Of all possible IF frequencies, why did so many consumer radio and amateur HF radio manufacturers (and filter component vendors, etc.) end up converging on 455 kHz as the IF frequency, from the vacuum tube era, and onward? Is there something special about the number 455000?
Piecing together information from a number of sources on the web, I believe this is the correct combination of circumstances:
Early amplifiers were not stable much above 500 kHz, so the IF had to be less than that frequency.
Also, the broadcast band itself begins around 530 kHz (in the US), and you don't want any chance of having a station on or near the IF.
On the other hand, making the IF as high as possible improves image rejection.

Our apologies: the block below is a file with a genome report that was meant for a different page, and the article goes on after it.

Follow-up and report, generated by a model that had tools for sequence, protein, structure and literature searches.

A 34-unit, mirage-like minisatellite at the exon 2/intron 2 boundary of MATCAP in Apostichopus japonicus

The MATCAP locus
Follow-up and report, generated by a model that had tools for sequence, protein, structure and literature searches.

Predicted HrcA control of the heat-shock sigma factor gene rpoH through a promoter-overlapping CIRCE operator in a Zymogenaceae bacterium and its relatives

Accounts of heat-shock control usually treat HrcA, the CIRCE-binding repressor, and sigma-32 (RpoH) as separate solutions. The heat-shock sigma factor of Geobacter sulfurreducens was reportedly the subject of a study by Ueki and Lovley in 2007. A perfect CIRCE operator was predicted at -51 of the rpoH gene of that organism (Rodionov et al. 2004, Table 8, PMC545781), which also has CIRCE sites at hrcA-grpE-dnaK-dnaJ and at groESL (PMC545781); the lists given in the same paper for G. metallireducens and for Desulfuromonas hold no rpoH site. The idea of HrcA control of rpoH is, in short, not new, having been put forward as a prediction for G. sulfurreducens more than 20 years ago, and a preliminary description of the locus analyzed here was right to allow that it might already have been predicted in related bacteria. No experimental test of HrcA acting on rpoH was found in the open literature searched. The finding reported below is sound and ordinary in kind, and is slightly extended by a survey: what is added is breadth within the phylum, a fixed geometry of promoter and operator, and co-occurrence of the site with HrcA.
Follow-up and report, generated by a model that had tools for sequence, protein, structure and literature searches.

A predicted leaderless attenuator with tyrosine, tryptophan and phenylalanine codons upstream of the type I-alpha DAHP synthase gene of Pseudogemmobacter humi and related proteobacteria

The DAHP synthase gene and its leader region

In addition to the desired station mixing with the local oscillator to produce an IF signal, two strong stations whose frequencies happen to be separated by the IF will also produce an interfering signal.
In the US, stations are spaced by multiples of 10 kHz.
Elsewhere, stations are spaced by multiples of 9 kHz.
Therefore, 455 kHz was chosen because it is not possible to have stations separated by that amount in either system: 455/10 = 45.5 and 455/9 = 50.555. This is the highest frequency less than 500 kHz for which this is true.
Specifically, we're looking for frequencies that are as close as possible to odd multiples of both 10/2 = 5 kHz and 9/2 = 4.5 kHz. This puts the beat notes produced by this particular phenomenon as high as possible in the audio output of the mixer, where they can be filtered out. As it happens, 445 kHz would have worked equally well. The nearest frequencies to these two that would have worked just as well are +/- 90 kHz away -- 355/365 kHz or 535/545 kHz.